Much later than intended thanks to a chaotic week and a poorly dog, but today I am joining the blog tour for Shield Breaker by Richard Cullen. This is the second book in The Wolf of Kings series, and after reading the first book Oath Bound out of interest last year I was delighted to be invited to read and review book two.
Disclaimer – I received a copy in exchange for an honest review, all thoughts are my own.
Styrkar the warrior sails to dangerous lands in this thrilling new historical adventure from Richard Cullen. The sequel to Oath Bound, longlisted for the Wilbur Smith Adventure Writing Prize 2022.
England, 1068: a land gripped in the iron fist of Frankish invaders. But the Conqueror does not sit easily on his fledgling throne. Rebellion is rife, and the flames of uprising have been ignited in every corner of the kingdom.
Thrown back into this crucible is Styrkar the Dane, former housecarl of the slain King Harold. Forced to travel to Ireland by his deadliest enemy, he must risk the fates of his brothers-in-arms in order to protect the one thing he loves.
So begins a journey that will take Styrkar to the royal court of Dublin, and the frigid climes of the north of England, for loyalty, love and vengeance. He will be tested, beaten and broken, but can any man keep the Red Wolf chained for long?
Shield Breaker reunites us with our protagonist Styrkar, but it should be noted that even though we pick up with this familiar character, it is not entirely necessary to have read Oath Bound first. Both books work well as a stand-alone, although you absolutely should pick up both of them, and there is definitely a benefit to following Styrkar from the first book.
One of the most impressive aspects of this series, is how it takes a well-known period of English History but looks at it through a different lens, not just in the sense of how well it balances history and story. Instead, here we have the aftermath of William the Conqueror’s victory at the Battle of Hastings in 1066, and rather than the almost ‘legendary’ status that conquest has taken in media at times, and even in the history we learn in school, Shield Breaker peeks beneath the hood. It looks at the reality of life in the wake of a conquest, across the strata of society, from those who saw the Normans as little more than invaders, to the ordinary people just trying to continue their life as peacefully as possible, to those in between, and Cullen does an excellent job of highlighting that variety of viewpoints and experiences. The history aspect is well-written and researched, and provides a rich, multi-faceted backdrop, to what is an incredibly personal and human story playing out against conflict, resistance and brutality of the time, and creating a fantastically immersive experience.
The human aspect is incredibly well done, and the characterisation which was one of the strongest elements of Oath Bound, feels even more developed here. Cullen has a fantastic grasp of how the characters wrestle with their situations and doubts, and the development continues to feel believable and organic, both on a personal level and for the relationships between the characters.
Styrkar is our primary gateway into the human aspect of this story, and he makes for a fascinating protagonist (especially if you are coming to this one having read Oath Bound), as on the one hand he is the ‘Red Wolf’, an almost legendary warrior in his own right, but also a man caught up in the situation around him, and one who must balance loyalty and duty, along a knife edge, as everything he holds dear is on the line here. He is an incredibly dynamic and realistic character, and Cullen allows us to play through his emotions and the sides of himself that the situation demands. Ronan is another great character, and it feels almost as though he has the most potential of the characters, as it is not entirely clear where his arc will end. The two of them make for interesting mirrors of one another, with Gisela acting as the lynch-pin between them, and it felt as though she came far more into her own in this book, and it was interesting seeing her experiences against the women alongside her. .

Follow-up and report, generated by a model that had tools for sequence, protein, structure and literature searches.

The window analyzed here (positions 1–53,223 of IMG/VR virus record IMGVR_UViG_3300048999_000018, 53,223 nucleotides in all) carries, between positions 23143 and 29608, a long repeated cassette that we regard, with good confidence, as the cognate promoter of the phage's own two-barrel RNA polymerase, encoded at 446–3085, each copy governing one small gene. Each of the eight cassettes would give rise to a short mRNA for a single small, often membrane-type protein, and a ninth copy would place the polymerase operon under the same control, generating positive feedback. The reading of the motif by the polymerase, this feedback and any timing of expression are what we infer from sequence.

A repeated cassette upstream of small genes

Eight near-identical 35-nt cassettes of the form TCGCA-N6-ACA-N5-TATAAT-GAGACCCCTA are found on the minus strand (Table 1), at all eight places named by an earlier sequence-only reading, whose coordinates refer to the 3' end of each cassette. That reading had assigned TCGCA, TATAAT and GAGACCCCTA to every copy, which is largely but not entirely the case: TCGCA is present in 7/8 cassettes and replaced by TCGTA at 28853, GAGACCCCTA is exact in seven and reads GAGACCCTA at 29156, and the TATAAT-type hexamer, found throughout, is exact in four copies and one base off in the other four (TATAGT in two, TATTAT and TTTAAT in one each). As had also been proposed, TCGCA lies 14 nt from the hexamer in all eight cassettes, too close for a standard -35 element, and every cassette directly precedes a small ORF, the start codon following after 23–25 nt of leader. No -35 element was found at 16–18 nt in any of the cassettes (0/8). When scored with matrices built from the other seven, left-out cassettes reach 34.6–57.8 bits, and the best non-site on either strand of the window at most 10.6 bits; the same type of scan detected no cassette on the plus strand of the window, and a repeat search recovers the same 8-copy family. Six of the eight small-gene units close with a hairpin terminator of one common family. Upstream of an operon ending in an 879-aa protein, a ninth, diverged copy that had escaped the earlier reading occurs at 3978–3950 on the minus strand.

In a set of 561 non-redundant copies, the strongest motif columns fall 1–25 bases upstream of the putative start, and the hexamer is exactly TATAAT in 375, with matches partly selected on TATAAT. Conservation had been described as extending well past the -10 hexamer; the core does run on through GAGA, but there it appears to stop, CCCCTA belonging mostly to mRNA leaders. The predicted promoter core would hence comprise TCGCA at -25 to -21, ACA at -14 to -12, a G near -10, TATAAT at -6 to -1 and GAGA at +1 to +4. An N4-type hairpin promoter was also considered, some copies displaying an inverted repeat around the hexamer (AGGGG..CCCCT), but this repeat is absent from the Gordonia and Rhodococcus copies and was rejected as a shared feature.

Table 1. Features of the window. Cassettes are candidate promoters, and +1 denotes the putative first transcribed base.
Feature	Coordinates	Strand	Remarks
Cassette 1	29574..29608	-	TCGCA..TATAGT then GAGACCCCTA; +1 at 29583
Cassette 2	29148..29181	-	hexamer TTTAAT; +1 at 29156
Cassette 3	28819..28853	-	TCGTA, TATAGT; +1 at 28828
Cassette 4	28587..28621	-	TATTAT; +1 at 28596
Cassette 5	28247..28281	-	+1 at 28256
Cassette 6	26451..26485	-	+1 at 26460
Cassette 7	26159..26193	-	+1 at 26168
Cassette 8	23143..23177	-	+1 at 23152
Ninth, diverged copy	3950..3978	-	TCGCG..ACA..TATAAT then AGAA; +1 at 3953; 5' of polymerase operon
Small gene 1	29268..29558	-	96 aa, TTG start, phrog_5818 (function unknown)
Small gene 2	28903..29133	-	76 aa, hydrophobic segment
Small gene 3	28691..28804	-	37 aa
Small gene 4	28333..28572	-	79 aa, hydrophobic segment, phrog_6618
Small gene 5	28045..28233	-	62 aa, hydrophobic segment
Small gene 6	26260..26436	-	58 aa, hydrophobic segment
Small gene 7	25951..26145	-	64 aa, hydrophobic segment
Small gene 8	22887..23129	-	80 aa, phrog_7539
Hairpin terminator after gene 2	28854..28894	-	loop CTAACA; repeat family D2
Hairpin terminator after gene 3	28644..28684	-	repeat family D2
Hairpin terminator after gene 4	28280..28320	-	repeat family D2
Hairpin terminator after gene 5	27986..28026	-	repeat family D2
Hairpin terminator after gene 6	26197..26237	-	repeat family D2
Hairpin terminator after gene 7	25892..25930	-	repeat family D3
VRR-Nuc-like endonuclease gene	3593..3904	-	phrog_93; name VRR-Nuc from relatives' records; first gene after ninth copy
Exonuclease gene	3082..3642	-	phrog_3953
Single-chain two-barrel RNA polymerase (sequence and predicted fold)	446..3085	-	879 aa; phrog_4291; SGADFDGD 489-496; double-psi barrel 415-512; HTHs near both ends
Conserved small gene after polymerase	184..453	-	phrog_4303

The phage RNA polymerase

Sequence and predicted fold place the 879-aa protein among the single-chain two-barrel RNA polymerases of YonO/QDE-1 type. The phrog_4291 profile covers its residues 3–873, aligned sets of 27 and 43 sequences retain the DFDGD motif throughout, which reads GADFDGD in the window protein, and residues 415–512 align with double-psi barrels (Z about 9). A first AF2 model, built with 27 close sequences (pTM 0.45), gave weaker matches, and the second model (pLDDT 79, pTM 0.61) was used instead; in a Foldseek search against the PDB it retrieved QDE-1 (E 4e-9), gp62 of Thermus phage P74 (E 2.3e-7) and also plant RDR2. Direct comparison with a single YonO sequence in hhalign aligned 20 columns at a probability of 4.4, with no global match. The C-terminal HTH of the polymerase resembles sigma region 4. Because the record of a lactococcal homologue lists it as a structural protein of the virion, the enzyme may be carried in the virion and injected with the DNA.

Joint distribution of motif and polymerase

Cullen’s writing also really shines in the action scenes in this book. Again, we see that balance of historical knowledge and research, and a fantastic instinct for creating a gripping story. There is an almost cinematic feel to the battle scenes, and Cullen manages to capture both the motion and emotions of those scenes, making them incredibly compelling without becoming too bogged down in the details. This paired with the characterisation really conjures up a feeling of danger for the characters, as well as an investment in the outcome of what they are facing.
Shield Breaker is another excellent addition to this series, and Cullen once again nails that balance of history and story, and the few issues that I’d had with the first book have disappeared here. The flow of the story was much smoother this time, and I was thoroughly engrossed from start to finish. Compelling characters, fantastic action, and a gripping look at history in a way that we rarely get to see, make this book one I have to recommend to anyone looking for a new historical fiction series to dive into.
Richard Cullen originally hails from Leeds in the heartland of Yorkshire. Oath Bound, his debut historical adventure novel, was longlisted for the Wilbur Smith Adventure Writing Prize 2022. As well as being a writer of historical adventure, he has also written a number of epic fantasy series as R.S. Ford. If you’d like to learn more about Richard’s books, and read free exclusive content, you can visit his website at follow him on Twitter at, or join him on Instagram.
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If you’ve read it, or read it in the future, please feel free to shout at me about this fantastic book.